• 85 percent of organizations have suffered phishing attacks in the last 12 months.(Wombat Security’s 2016 State of the Phish report) The number and sophistication level of phishing attacks organizations experience has gone up. Two-thirds of the organizations in the study reported attacks that were targeted and personalized, up 22 percent from the year prior. 
  • 30 percent of phishing emails get opened. (Verizon’s DBIR 2016) It’s a delivery tactic that works—zero day attacks are proven to defeat prevention systems—so there is no need for attackers to develop anything more sophisticated to scam money or information from their victims.
  • No. 1 delivery vehicle for malware is email attachments. (Verizon’s DBIR 2016) Despite email filtering and user education, well-disguised content influences the user to click and download.
  • $1.6 million is the average cost of a spear phishing attack. (Cloudmark) Companies hit by a successful spear phishing attack in the past 12 months suffered an average financial cost of $1.6 million.

The evidence is clear, phishing and other email-related attacks exploit either technical vulnerabilities or leverage social engineering to take advantage of human weakness.

With the risks for an inevitable breach so high, it’s clear that companies need to take more active measures in preparing for the inevitable moment when a phishing, spear-phishing or whaling attack is successful. User awareness education, signature-based technologies and email filtering is not enough, especially where zero-day attacks are concerned. To accomplish this, the enterprise must direct its efforts at rapid detection and blocking of successful attempts at a speed fast enough to minimize and/or avoid any significant high value data access or loss.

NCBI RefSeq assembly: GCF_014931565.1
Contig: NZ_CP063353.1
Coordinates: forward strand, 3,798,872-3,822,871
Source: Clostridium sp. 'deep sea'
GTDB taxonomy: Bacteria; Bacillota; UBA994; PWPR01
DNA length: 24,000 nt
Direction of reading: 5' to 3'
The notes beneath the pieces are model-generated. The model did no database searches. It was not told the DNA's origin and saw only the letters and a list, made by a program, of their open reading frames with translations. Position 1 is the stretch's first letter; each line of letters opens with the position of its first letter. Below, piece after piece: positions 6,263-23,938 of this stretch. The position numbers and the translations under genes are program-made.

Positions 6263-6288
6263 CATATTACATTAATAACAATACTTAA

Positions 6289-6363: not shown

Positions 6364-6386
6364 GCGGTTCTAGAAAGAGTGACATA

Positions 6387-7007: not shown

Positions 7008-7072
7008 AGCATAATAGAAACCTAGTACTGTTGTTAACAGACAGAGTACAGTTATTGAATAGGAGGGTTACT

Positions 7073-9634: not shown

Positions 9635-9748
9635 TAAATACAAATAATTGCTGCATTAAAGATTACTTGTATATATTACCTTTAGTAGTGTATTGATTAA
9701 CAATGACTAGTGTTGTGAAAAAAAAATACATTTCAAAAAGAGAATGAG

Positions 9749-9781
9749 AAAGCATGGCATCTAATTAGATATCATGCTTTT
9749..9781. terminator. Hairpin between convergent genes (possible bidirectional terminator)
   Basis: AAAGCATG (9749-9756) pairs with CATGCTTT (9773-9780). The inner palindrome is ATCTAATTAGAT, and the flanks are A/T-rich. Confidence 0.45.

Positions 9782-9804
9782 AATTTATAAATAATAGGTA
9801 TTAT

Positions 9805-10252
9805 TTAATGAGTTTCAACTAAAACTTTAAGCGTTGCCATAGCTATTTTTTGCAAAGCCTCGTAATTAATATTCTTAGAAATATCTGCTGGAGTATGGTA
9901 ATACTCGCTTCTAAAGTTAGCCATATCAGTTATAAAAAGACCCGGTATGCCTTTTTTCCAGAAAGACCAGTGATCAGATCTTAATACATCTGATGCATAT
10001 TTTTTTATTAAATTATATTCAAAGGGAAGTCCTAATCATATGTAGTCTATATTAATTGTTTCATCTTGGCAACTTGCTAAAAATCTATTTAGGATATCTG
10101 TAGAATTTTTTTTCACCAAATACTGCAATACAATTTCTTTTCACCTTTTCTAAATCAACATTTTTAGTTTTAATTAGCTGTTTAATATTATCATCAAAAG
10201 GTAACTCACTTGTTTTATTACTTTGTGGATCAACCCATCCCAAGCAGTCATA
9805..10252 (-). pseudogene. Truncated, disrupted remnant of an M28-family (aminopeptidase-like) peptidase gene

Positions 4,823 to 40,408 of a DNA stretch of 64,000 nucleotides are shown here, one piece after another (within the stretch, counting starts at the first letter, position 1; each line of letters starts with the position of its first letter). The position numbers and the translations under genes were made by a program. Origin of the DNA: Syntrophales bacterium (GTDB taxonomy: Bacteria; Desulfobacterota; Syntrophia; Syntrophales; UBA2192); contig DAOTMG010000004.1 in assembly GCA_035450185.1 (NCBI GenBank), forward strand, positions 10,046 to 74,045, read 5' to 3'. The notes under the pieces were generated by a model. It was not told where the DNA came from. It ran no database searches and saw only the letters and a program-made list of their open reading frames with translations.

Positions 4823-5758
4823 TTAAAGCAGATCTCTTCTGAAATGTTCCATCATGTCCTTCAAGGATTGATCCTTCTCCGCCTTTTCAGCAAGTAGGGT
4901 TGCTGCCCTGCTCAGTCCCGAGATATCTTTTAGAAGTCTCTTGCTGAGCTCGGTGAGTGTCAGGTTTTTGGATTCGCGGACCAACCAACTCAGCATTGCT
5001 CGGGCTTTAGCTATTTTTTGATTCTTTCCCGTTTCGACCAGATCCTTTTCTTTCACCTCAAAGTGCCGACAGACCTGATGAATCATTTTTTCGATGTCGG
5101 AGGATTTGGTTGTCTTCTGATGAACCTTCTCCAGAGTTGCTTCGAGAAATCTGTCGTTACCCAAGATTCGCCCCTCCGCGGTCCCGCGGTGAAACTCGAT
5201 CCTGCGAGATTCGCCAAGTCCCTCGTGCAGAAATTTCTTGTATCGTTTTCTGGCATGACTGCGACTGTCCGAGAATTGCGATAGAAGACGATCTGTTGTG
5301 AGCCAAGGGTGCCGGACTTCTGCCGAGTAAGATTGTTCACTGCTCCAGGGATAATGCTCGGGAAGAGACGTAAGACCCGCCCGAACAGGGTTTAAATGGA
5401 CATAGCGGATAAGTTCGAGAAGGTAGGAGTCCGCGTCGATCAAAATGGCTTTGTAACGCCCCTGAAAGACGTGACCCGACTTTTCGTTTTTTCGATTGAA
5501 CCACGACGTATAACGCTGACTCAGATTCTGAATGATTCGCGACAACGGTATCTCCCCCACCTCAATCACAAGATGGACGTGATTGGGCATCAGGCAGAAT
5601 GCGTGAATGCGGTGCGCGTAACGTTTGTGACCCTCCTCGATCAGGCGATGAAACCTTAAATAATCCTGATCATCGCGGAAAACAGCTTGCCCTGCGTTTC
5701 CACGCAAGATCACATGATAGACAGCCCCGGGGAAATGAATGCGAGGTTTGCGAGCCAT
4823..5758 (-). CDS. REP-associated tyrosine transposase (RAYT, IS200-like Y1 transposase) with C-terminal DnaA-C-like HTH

While many technologies exist today that tackle elements of threat detection, including machine learning, user behavior and entity analytics, threat modeling, etc., the most effective solutions are those that combine the best of these capabilities to deliver rapid, real-time detection and response. Consider techniques and solutions that correlate machine learning, feature, device and user behavior analytics to derive insight, detect legitimate threats and create prioritized alerts that allow enterprise systems to direct or take prescript action immediately, shutting down invasive threats before humans even realize they are there. Automated solutions effective at stopping these threats within minutes exist today. By providing visibility and fully automating the immediate analysis, detection and elimination of threats, these solutions can finally give the enterprise a leg up in defending against any successful phishing attack.

When evaluating solutions to compliment your existing cybersecurity posture around phishing, consider the following questions:

  • Can it detect abnormal use of credentials from that of normal usage?  Can it detect abnormal activity from both north-south through the firewall, and east-west activity within the organization to verify credentials have been lost? Can it monitor credential usage and detect abnormal usage behavior from that of normal usage?
  • Does it avoid false positives by leveraging a combination of data collection and analysis, machine learning, predictive and behavioral analytics and then correlate findings to surface legitimate threats?